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Uzbekistan and China are one step closer to constructing the China-Kyrgyzstan-Uzbekistan railway line, a new branch of New Silk Road that opens another, shorter route to Iran. The counterparts agreed to sign a Memorandum of Cooperation in the railway sector, which contains clauses about this new railway corridor.
The China-Kyrgyzstan-Uzbekistan railway line has been discussed since the end of the 1990s. In 2003, the feasibility study was prepared. Initially, the construction of the 900-kilometre line was evaluated at a cost of 1.1 billion Euros but later this amount increased to 1.7 billion Euros. Now, the estimated cost of the project is 5 to 6 billion Euros.
To speed up the project, Uzbekistan Railways (Uzbekiston temir yullari) has been improving its infrastructure, rolling stock and freight services during the last few years. Last week, the railway company launched a container service between Tashkent, the capital city, and Andijan in the eastern part of the country. Also, Uzbekistan has a long track record of cooperation with China for renewing rolling stock. From 2002 the country purchased several dozens of electric locomotives for passenger and freight transportation.
Moreover, Uzbekistan made huge investments in its railway infrastructure and launched a high-speed passenger service in 2011 between Tashkent and Samarkand, the country’s second largest city. In 2016, the high-speed route was expanded to the city of Bukhara.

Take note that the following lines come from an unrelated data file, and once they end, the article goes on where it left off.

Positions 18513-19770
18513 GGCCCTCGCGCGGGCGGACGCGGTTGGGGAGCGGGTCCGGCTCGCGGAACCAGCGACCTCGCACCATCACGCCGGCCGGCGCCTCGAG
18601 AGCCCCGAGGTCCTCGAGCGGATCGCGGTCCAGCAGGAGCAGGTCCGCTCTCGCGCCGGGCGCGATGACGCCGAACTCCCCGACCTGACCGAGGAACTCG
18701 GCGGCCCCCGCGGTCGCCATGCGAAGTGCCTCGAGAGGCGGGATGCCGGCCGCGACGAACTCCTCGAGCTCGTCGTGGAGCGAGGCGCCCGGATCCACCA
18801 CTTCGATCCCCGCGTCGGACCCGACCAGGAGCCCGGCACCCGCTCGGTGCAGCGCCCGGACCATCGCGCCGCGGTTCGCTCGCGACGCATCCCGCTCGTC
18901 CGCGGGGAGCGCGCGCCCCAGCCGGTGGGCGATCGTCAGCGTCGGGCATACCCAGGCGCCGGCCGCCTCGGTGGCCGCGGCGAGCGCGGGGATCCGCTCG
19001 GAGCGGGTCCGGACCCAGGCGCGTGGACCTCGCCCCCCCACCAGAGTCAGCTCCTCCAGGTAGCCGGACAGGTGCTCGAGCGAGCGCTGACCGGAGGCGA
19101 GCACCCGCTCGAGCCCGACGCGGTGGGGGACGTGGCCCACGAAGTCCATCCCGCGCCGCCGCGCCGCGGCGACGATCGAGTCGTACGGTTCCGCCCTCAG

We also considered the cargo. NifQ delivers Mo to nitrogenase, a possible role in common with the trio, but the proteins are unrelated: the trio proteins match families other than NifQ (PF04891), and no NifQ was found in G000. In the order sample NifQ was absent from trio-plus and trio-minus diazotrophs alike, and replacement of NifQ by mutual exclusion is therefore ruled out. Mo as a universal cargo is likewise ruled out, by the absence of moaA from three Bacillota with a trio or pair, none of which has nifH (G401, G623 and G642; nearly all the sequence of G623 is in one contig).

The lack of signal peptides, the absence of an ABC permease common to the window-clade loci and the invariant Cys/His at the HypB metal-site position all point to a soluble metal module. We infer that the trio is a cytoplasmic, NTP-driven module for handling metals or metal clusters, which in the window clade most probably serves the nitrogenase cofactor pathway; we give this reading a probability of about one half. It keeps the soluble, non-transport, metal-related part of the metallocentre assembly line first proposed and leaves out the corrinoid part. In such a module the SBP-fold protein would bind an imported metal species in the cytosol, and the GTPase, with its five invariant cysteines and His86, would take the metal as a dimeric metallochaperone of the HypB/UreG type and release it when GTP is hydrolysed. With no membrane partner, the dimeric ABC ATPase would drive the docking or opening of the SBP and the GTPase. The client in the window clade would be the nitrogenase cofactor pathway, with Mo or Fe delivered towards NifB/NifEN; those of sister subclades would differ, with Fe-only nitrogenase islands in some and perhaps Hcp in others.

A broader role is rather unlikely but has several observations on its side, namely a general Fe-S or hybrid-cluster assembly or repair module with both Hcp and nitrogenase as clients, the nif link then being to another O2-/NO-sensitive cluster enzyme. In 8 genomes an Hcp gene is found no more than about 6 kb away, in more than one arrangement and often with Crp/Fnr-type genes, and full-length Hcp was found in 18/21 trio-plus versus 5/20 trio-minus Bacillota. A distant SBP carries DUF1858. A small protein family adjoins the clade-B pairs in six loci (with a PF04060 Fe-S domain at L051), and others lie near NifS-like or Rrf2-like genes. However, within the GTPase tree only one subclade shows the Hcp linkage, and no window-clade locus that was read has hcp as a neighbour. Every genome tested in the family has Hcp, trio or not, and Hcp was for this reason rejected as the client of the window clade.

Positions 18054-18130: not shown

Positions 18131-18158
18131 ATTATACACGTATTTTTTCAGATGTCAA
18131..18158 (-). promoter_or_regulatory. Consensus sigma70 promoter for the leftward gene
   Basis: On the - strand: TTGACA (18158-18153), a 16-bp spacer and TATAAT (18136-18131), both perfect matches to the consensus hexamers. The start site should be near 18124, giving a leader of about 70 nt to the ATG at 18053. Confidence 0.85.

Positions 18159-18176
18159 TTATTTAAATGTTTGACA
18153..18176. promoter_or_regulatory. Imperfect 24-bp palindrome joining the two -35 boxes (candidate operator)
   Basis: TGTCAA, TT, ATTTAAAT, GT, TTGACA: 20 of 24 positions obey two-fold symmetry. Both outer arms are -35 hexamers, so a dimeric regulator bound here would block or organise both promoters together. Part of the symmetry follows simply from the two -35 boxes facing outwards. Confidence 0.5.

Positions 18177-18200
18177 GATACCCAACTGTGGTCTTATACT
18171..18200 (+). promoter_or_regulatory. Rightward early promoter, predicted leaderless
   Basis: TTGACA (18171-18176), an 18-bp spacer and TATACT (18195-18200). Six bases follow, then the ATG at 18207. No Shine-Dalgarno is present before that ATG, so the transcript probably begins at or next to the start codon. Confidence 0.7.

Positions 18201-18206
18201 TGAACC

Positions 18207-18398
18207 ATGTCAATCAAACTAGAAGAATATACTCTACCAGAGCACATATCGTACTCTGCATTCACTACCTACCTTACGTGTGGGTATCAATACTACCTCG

The new railway will open up new opportunities for freight transportation in the Central Asian countries, because it will increase their transit potential and attract additional cargo from China. Also, the new route allows for a faster rail freight route from China to Iran and Turkey.
The project has been strained due to financial and political reasons, as well as disagreements amongst various counterparts. The main bottleneck was and remains Kyrgyzstan, which is characterised by mountainous landscape. China wanted to build here a 1435-mm railway, but Kyrgyzstan strongly opposed that idea and insisted on a broad, 1520-mm gauge line. The main argument of Kyrgyzstan was the fear to lose transit cargo, because freight trains will run through this country without any stops if a 1435-mm railway were to be constructed.
This article first appeared on www.railfreight.com
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